|from Karaköy looking towards the Old City|
For us, it would be just about unthinkable to go without food and drink, especially water, from sunrise to sunset for 29-30 days especially at this time of year. Yet, they say here that the body gets used to it and they really don't feel the pain. I do know that the evenings are a very special time when friends and families get together to share meals and it is fiesta!
For those who don't know, Eminönü lies within the heart of the Old City, an area where you can still get a sense of old Istanbul. The myriad little streets were teeming with people, especially as the day wore on. There was a real feeling of anticipation building up, it wasn't just the regular hustle and bustle. It was intensified.
|queues in front of Kurukahveci Mehmet Efendi, right by the Spice Bazaar,buying the excellent ground coffee in anticipation of visitors in the next few days. We bought some too: 100g for 3 TL|
|the coffee place happens to be right opposite my favourite peynirci or cheese seller,whom I have|
mentioned before so, yes, I bought another kalıp of his white cheese which comes
from Thrace - believe me, it's the best!
After a month of deprivation, the first day of Şeker Bayramı starts on Monday. Tomorrow night is Arefe, the night before, an important time indeed. Bayram means feast or holiday, and şeker literally means sweet or sugar.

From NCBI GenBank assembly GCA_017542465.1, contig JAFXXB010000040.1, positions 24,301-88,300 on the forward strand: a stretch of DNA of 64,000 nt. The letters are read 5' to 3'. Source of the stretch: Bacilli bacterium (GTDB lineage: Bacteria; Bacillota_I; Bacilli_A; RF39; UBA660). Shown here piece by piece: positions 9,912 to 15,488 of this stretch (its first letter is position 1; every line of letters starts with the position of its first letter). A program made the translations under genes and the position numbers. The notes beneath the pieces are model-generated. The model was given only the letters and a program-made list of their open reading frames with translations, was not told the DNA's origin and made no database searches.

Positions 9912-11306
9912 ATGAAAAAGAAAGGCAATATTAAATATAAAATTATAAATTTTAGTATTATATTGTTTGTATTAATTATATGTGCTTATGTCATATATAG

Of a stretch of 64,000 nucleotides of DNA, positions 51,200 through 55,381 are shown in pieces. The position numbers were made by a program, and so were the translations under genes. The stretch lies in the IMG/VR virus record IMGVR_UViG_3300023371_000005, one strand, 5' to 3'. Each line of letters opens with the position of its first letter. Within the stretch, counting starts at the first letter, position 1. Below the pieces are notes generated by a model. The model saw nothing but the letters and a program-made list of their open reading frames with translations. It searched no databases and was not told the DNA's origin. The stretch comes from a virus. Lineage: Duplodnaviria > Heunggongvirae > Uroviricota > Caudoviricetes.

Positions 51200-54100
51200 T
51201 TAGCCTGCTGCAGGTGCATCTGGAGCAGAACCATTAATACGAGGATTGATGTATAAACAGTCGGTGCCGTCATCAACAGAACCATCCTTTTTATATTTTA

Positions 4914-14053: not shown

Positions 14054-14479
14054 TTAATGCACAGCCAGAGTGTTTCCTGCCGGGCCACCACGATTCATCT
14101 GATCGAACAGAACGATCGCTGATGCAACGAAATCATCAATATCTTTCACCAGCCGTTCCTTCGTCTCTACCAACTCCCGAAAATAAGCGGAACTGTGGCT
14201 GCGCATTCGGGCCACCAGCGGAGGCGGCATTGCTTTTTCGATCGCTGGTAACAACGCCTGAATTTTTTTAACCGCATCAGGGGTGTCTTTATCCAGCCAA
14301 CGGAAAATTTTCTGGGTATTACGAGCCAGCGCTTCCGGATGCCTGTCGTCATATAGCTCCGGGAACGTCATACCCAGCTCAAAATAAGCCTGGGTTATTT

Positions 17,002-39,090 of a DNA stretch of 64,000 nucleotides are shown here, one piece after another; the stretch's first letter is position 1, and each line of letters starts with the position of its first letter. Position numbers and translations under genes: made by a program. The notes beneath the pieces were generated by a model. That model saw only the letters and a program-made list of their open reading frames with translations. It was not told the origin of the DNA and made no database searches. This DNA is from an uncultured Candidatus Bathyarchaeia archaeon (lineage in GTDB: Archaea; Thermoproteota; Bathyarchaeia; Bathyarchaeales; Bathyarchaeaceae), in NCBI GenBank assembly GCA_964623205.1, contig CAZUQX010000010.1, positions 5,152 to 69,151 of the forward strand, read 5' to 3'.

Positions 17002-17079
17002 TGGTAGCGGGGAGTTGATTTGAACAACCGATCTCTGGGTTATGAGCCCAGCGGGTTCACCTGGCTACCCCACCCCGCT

Thus today, people were already in holiday mode and that, like everywhere in the world, implies more relaxed spending especially in this case, on sweets or candy, and typical Turkish treats like baklava!
|baklava at Güllüoğlu - TT had his favourite pistachio/fıstıklı ezme, at Develi, just down from the coffee place|
|piles of sweeties and their bayram prices were prominently displayed everywhere you looked|
|also the more traditional lokum or Turkish delight...|
|everybody in shopping mode|
Over the bayram, all the little kids will be kitted out in new outfits, faces glowing both from healthy scrubbings and from excitement, and families will both visit and be visited. The rule is the younger members visit their elders first. Traditionally they will kiss their hands and raise them to their foreheads in a sign of respect.
Happy Holidays to you all from Istanbul!